Is a Waiver of Liability Legally Binding?

Attacking a release form or waiver of liability in court:

Have you ever read the back of a ski lift ticket, or the release you signed when your child went to a skating rink party, or enrolled a sports camp?

Most modern sports and recreation facilities and activities in which you or your child partcipate require a signed release or waiver of liability. In signing said form, you usually agree to waive certain rights in exchange for the services provided by the business. These forms, or waivers of liability, attempt to limit or completely eliminate the liability of a business (i.e. ski resort, lacrosse camp, batting cage facility) if someone suffered injuries on the premises.

Our Missouri injury attorneys know that most people have never really read waiver of liability forms in full, or thought about what rights they might be giving up when they sign the forms. Most of these waivers are extremely wordy, lengthy, and confusing; they are designed this way on purpose in efforts to scare individuals away from reading the full release. Fortunately for most, it is only when someone is seriously or fatally injured that these waivers or agreements even become important.

As a paying patron, you are in a difficult position when faced with these waivers immediately before participating in an activity. Rarely does an individual have a reasonable opportunity to thoroughly read and evaluate the language in a waiver of liability. More importantly, rarely does a patron know if the waiver of liability they are signing actually complies with legal requirements.

If you do have the chance to read the release of liability you are signing, do you know what rights you are actually waiving?

  • Some releases include waivers of your right to a jury trial. You may have signed away your 7th Amendment right to a trial by jury without even knowing it.

What if you signed one of these releases and then got injured?

Waivers of liability or legal releases are typically enforced in Missouri. If these forms are properly drafted and executed under the guidance of the law, they are considered valid contracts that limit your rights.

BUT, signing a waiver of liability for a sporting activity may not be the end-all to your rights to recover compensation for your injuries.  If you signed a release or waiver of liability, and you or child sustained a serious injury while in the facility, our personal injury lawyers can evaluate whether the form you signed was valid and legally binding.

There are four different ways to challenge the validity of a waiver of liability:

  1. Illegal content or format: Releases must be concise and clear, typed in an easy-to-read font. Releases must specifcally identify all parties being waived from liability. If the waiver doesn’t meet certain legal requirements, you may be able to bring forth a lawsuit or legal challenge. For example, if the wording is too narrow or too broad, it may not release all the parties able to be sued. Similarly, the writing may be too small to read, or it may be too confusing, or what the law calls “unconscionable.”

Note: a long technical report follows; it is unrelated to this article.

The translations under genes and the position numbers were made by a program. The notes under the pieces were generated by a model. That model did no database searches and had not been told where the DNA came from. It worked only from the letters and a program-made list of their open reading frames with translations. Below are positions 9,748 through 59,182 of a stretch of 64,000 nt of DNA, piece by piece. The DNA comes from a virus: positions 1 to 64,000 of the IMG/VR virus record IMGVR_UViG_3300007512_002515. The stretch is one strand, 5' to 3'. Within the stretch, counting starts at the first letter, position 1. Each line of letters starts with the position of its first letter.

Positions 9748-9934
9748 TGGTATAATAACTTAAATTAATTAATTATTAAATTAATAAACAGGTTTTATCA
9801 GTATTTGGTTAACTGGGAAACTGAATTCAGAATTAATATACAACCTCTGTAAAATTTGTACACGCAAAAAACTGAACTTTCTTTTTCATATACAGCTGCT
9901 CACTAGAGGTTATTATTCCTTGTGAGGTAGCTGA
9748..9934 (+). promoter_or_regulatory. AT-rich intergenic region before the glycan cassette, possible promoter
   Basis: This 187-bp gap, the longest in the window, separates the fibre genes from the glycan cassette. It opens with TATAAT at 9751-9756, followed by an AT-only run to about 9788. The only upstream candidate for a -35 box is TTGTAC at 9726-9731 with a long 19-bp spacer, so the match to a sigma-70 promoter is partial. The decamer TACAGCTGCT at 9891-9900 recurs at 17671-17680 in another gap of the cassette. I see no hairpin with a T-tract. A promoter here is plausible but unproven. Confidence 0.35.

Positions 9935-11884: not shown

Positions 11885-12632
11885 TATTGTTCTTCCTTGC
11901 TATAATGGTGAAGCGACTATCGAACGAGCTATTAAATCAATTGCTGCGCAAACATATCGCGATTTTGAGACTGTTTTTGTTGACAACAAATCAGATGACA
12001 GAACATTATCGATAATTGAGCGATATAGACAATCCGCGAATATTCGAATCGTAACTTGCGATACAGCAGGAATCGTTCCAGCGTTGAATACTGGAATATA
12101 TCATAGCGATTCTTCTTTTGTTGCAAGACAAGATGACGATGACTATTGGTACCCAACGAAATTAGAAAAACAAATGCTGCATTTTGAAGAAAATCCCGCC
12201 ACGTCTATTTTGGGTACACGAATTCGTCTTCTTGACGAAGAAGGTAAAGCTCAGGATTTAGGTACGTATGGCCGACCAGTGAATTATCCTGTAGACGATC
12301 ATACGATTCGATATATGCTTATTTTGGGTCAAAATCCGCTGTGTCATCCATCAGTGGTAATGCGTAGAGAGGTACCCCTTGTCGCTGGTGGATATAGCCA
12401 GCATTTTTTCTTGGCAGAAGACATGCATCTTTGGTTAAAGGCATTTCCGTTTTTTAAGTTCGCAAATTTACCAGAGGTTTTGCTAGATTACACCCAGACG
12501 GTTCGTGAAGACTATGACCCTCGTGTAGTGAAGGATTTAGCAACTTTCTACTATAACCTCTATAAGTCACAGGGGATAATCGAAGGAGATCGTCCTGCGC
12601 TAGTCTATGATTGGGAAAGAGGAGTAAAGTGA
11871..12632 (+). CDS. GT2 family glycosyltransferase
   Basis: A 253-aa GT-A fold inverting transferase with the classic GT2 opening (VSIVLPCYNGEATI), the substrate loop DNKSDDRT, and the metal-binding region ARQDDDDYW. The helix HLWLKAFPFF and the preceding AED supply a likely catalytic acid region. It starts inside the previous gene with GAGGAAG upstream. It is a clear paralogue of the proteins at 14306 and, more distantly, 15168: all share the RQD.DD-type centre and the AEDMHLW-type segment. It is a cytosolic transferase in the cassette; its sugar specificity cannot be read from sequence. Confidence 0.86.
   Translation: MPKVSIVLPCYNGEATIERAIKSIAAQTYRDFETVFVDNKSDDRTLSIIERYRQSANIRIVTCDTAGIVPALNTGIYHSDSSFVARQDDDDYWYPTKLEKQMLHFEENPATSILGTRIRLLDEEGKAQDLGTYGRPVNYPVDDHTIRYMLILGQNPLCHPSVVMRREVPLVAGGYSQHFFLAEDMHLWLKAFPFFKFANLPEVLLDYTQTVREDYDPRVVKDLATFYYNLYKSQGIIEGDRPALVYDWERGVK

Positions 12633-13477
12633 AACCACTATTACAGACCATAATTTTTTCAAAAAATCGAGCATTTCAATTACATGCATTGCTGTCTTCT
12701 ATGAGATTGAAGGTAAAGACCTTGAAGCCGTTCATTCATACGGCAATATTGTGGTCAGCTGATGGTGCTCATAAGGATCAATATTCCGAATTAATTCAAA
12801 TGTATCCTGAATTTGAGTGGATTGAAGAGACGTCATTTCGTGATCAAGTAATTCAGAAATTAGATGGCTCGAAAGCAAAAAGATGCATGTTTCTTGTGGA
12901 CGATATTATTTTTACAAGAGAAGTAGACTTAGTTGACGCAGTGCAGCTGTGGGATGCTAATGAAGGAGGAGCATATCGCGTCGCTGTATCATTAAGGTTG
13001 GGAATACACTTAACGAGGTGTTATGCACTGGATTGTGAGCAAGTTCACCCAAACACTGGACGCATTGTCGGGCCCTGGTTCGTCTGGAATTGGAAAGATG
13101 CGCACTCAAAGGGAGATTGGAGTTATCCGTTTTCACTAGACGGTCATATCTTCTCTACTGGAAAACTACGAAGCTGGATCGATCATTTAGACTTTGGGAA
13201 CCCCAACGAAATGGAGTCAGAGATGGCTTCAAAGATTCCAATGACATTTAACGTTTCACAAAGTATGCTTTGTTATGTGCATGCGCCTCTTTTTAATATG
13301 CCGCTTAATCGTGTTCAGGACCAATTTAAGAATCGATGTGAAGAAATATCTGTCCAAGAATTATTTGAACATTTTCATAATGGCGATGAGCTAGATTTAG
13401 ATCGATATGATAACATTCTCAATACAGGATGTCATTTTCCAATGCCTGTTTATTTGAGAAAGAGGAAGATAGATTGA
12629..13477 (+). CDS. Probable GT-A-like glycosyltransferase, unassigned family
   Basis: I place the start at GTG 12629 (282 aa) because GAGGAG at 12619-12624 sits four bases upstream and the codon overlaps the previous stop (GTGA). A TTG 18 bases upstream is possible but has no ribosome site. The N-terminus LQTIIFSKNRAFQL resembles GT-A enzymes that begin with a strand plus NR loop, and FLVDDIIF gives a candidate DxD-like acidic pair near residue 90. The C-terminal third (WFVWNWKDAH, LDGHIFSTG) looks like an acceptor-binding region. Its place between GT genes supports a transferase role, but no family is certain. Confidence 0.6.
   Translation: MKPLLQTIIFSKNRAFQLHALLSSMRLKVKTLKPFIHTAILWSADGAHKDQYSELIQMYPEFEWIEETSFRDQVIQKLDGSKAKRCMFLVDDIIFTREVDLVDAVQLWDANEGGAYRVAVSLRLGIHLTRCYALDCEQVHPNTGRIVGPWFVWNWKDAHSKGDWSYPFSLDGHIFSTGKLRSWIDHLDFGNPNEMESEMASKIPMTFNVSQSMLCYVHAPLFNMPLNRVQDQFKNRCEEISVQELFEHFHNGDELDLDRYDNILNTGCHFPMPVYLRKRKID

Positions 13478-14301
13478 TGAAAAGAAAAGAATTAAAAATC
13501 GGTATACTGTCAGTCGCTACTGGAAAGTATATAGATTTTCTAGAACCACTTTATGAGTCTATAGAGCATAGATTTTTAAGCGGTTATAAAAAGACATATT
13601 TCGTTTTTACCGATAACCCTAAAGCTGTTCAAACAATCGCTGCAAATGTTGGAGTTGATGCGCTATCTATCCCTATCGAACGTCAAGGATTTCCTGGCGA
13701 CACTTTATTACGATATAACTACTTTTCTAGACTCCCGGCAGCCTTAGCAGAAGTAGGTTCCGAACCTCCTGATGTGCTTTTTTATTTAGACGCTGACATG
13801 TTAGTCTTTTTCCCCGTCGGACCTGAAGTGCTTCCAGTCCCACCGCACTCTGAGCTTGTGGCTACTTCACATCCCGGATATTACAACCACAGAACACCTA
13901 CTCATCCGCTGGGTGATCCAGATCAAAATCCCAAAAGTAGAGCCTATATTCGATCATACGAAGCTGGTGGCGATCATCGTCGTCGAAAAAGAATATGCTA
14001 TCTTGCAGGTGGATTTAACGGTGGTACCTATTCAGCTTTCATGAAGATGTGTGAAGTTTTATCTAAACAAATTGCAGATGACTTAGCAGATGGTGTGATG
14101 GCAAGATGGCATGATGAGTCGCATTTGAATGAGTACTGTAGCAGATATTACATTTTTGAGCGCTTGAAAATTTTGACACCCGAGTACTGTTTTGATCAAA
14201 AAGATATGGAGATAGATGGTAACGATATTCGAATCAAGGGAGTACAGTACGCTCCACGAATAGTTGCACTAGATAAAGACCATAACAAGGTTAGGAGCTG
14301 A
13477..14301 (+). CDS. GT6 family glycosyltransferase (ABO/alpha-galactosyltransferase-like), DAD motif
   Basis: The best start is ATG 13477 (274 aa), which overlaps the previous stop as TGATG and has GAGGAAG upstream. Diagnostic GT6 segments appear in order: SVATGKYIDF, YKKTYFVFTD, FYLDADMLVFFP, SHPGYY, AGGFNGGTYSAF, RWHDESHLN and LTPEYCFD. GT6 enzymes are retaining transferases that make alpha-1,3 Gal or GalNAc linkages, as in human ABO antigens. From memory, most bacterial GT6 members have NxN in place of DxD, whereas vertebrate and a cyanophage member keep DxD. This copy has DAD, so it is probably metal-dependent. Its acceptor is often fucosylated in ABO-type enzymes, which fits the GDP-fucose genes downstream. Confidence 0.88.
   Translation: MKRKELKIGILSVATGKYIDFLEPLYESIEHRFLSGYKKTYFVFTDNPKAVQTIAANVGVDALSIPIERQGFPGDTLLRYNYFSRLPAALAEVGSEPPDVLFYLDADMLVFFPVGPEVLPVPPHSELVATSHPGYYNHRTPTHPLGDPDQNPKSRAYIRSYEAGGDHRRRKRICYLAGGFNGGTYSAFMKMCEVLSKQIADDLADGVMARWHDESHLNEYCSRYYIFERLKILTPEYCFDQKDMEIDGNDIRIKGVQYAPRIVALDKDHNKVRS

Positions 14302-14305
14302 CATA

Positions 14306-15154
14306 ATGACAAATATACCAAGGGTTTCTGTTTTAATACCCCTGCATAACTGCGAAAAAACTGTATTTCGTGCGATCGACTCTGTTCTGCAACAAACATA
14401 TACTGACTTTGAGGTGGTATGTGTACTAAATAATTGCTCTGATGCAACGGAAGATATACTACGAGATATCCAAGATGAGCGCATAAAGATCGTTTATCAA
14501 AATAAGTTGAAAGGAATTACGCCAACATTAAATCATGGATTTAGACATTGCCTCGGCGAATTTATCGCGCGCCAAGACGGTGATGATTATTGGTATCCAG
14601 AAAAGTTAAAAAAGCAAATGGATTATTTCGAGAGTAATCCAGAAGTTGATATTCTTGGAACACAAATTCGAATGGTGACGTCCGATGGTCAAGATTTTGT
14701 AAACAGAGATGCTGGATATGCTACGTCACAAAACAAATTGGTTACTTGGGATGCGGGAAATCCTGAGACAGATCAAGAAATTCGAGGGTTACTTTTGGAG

2. Fraudulent or misrepresented statements: The ads, websites, or marketing literature associated with the activity may contain fradulent or misrepresented false statements. These statements may have induced you to participate in the sporting activity; if so, this type of fraud could overread the waiver of liability.
  3. Recklessness or gross negligence: Releases are typcially only valid to protect defendants from being sued for negligence. Ultimately, they can be deemed invalid if you can prove that the other party’s conduct was that of gross negligence or recklessness.
  4. Products liability: A valid release cannot prevent you from pursing a lawsuit or case against the manufacturer, designer, or distributor of a defective or faulty product.

Do not be intimidated because you signed a release form or a liability waiver. The law tends to be on your signed even if you have signed something that you fear limits your rights. If you’ve been seriously injured during a sporting activity, the recreational facility may be entitled to reimburse you for your injuries, even if you signed a release form. For an evaluation of whether or not you signed a valid release or waiver of rights, contact a Missouri personal injury attorney for a free consultation at 314.409.7060. Our lawyers represent injury victims throughout the state of Missouri for all types of serious injuries.

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Reach out to Chris Dixon for personal injury, workers compensation, product liability, and other legal services for experienced, reliable counsel and representation in St. Louis.

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